Customer Experience, or CX, is the overarching practice of following a customer’s journey and elevating their experiences as they interact with a company. Most people don’t see CX as its own practice within an organization; they see it sitting across the organization. For example: CX touches marketing, sales, IT and HR – it pretty much touches everywhere your customers reside (both online and offline). It’s incredibly important to pay attention to the word “customer” within CX; a customer may not only be an external customer, but it can also be an internal customer as well.

UX on the other hand, plays a significant role within CX – and is more tactical. We love this quote:

“CX drives emotion whereas UX drives interaction.”

CX vs. UX  I  Via OneSpring

Experience Design Model, by SinnerSchrader Swipe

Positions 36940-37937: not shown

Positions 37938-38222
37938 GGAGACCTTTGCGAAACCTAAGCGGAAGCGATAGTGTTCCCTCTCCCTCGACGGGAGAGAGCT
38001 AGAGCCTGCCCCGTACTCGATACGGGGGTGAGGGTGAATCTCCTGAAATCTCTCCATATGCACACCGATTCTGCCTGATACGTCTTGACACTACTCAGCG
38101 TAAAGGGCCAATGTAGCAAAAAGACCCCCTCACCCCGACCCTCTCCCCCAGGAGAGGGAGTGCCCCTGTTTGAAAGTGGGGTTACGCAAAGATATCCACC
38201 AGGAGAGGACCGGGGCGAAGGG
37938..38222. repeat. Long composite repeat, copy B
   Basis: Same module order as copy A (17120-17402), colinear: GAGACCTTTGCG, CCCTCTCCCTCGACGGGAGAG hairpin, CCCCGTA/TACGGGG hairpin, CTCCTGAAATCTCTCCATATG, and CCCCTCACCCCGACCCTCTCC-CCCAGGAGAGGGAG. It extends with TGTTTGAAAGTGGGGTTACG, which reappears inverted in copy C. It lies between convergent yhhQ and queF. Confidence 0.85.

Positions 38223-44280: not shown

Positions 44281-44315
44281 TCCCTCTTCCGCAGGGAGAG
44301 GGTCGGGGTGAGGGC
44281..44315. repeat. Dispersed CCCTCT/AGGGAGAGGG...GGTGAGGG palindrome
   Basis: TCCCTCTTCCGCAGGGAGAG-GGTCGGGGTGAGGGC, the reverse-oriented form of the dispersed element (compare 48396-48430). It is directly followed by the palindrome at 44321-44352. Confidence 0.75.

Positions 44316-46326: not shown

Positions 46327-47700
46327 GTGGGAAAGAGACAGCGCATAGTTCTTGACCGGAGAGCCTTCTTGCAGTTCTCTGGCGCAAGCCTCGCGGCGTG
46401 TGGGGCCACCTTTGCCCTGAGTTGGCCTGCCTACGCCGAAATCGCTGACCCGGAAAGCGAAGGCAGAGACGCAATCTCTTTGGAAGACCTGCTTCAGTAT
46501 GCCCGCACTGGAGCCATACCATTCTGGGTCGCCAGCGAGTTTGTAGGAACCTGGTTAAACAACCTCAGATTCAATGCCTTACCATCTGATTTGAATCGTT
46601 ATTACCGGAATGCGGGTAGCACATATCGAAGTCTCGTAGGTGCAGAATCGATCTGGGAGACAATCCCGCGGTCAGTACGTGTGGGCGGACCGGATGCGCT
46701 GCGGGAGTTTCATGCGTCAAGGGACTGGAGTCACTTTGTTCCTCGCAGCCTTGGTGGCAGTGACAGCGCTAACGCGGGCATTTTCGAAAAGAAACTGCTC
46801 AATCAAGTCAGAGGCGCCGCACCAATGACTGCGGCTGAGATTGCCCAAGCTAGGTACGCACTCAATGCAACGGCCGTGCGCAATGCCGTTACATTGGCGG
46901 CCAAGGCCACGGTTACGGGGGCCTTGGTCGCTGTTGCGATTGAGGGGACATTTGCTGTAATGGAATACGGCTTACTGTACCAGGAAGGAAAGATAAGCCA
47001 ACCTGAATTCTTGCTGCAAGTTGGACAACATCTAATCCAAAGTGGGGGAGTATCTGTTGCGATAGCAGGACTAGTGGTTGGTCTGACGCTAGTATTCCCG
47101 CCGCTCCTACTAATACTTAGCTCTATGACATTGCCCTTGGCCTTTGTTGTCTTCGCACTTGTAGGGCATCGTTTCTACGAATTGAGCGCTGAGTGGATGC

Basically, UX is but one component of CX. Let’s think about it a different way: consider your perspectives and interactions when you deal with a particular company. For example – think about seeing an ad that triggers you to order a new set of headphones online. From the time you see that brand’s advertisement, you’re interfacing on the fringe of a company’s CX strategy. What drove you to consider those specific headphones? What kind of emotions did they elicit? The goal of CX is to explore these emotions and to smooth the consumer’s path to purchasing products – so that the entire process, start to finish, is frictionless. But then, once you decide to go to the company’s website and begin the ordering process, you are now in the UX realm.  The goal of UX is to make the process of ordering the product as easy, fast, and seamless as possible. CX was responsible for telling the story, making you feel something and capturing your attention – which ultimately steered you towards making a decision. UX goes beyond advertising, because it evaluates the thought processes and actual interactions a customer goes through as they interact with a company. It leverages your consumer’s behaviors – which directly impacts messaging and how interfaces are designed.